National Hog Farmer's North American Preview, Steve R. Meyer, August 23, 2007
http://tinyurl.com/2oooue

CHINA’S DISEASED PIGS
The New York Times, Wayne Pacelle, August 22, 2007
http://www.nytimes.com/2007/08/22/opinion/lweb22pigs.html

 

4. ANTIBIOTIC-RESISTANT GENES MIGRATE TO GROUNDWATER

Tetracycline is a drug widely used in pig production to prevent or treat disease and to stimulate growth. Its near-continuous use promotes tetracycline-resistant bacteria in the animals’ digestive tracts and manure. Researchers at the University of Illinois report that some bacterial genes present in lagoons used to store most pig waste are transferred between bacterial species. The research team found that tetracycline-resistant genes migrate from lagoons into groundwater wells. This has broad environmental and health implications. “What we are seeing is that the genes can travel a lot further than the bacteria,” said principal investigator R.I. Mackie. “If the genes are there, potentially they can get into the right organism at the right time and confer resistance to an antibiotic that’s being used to treat disease,” he explains, noting: “It’s a relay race.”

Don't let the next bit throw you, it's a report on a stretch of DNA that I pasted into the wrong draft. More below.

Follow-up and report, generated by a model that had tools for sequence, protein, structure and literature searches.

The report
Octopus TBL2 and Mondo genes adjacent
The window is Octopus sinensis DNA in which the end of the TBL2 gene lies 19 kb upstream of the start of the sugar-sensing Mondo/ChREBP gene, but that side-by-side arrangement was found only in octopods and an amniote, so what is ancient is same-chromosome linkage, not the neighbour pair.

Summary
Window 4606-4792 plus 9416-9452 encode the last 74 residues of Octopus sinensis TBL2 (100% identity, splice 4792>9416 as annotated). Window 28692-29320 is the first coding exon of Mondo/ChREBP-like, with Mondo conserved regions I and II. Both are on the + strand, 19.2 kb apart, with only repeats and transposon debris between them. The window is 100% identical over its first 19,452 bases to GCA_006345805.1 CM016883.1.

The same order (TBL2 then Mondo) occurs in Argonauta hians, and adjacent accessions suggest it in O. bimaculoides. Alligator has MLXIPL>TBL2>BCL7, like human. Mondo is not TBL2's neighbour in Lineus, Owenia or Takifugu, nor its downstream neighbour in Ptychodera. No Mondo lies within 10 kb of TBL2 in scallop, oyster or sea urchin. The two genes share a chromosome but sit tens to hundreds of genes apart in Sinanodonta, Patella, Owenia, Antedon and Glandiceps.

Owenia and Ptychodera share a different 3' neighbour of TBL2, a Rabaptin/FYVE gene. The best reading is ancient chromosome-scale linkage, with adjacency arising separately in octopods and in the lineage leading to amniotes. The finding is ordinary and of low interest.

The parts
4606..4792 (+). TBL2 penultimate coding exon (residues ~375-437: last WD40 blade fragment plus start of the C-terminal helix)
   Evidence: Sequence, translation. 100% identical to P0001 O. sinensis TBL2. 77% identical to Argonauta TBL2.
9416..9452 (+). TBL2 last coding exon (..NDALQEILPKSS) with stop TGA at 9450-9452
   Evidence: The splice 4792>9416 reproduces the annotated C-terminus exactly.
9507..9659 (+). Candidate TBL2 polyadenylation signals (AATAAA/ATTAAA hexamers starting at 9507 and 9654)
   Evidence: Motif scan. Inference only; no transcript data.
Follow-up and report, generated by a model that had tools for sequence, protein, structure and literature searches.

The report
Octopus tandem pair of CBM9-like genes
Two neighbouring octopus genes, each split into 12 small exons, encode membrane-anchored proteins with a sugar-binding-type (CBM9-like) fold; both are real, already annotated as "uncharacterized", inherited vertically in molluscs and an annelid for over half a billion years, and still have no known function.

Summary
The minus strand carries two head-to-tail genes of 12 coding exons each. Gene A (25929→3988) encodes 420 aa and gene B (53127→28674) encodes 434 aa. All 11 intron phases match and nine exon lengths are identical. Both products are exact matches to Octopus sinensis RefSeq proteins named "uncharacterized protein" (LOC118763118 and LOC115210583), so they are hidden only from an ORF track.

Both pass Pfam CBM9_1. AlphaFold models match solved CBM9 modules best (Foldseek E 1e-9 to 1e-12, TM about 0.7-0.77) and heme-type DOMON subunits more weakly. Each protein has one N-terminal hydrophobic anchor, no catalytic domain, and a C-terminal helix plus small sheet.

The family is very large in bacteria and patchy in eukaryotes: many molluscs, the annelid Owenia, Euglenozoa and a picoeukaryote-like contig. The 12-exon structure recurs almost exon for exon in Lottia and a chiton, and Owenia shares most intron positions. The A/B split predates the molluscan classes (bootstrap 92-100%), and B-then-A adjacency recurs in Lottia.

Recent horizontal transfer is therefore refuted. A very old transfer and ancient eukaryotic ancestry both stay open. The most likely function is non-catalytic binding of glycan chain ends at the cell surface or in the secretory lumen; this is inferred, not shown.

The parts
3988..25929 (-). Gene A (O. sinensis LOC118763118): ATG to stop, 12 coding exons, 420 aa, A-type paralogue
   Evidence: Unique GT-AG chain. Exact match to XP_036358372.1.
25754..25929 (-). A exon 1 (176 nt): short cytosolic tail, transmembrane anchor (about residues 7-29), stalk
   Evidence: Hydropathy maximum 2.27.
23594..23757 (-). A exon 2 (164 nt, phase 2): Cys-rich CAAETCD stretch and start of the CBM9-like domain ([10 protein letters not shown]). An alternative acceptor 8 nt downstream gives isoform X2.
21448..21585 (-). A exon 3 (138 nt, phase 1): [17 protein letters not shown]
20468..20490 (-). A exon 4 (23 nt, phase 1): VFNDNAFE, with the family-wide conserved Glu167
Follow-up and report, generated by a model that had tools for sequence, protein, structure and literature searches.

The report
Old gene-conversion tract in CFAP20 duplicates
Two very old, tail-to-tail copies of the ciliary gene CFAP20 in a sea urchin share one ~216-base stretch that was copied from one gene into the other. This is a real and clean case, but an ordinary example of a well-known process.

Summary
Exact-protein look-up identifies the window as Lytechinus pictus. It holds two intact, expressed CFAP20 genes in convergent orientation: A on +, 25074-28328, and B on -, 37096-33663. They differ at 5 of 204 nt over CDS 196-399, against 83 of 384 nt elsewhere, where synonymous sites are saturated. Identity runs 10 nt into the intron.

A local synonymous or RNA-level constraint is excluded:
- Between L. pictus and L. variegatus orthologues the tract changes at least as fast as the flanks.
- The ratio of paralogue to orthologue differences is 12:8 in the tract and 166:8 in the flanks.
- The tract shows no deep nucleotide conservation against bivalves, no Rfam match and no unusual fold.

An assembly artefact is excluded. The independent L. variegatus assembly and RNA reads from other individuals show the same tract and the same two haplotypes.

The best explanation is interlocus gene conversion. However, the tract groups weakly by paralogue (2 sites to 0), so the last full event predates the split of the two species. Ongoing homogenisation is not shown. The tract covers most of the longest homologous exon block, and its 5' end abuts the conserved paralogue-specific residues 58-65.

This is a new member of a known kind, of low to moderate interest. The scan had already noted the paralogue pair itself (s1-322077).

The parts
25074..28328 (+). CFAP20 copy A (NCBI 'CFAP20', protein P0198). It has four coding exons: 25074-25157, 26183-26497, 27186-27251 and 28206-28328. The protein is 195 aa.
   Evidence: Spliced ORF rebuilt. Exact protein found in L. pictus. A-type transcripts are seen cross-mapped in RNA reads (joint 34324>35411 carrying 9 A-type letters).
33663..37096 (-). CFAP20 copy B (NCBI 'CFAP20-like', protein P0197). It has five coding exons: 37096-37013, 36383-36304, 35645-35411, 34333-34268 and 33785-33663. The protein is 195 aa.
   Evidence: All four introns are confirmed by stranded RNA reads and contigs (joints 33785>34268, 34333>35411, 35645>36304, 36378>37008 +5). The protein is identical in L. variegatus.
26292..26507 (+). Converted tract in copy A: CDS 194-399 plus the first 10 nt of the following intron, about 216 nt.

Since the late 1990’s, new lagoons must be built with liners to prevent seepage. However, facilities operating prior to the law are allowed to continue using unlined lagoons, some of which leak. The roughly 238,000 animal feeding operations in the U.S. collectively generate about 500 million tons of manure per year. Groundwater makes up about 40% of the public water supply, and more than 97% of rural drinking water.

TEAM TRACKS ANTIBIOTIC RESISTANCE FROM SWINE FARMS TO GROUNDWATER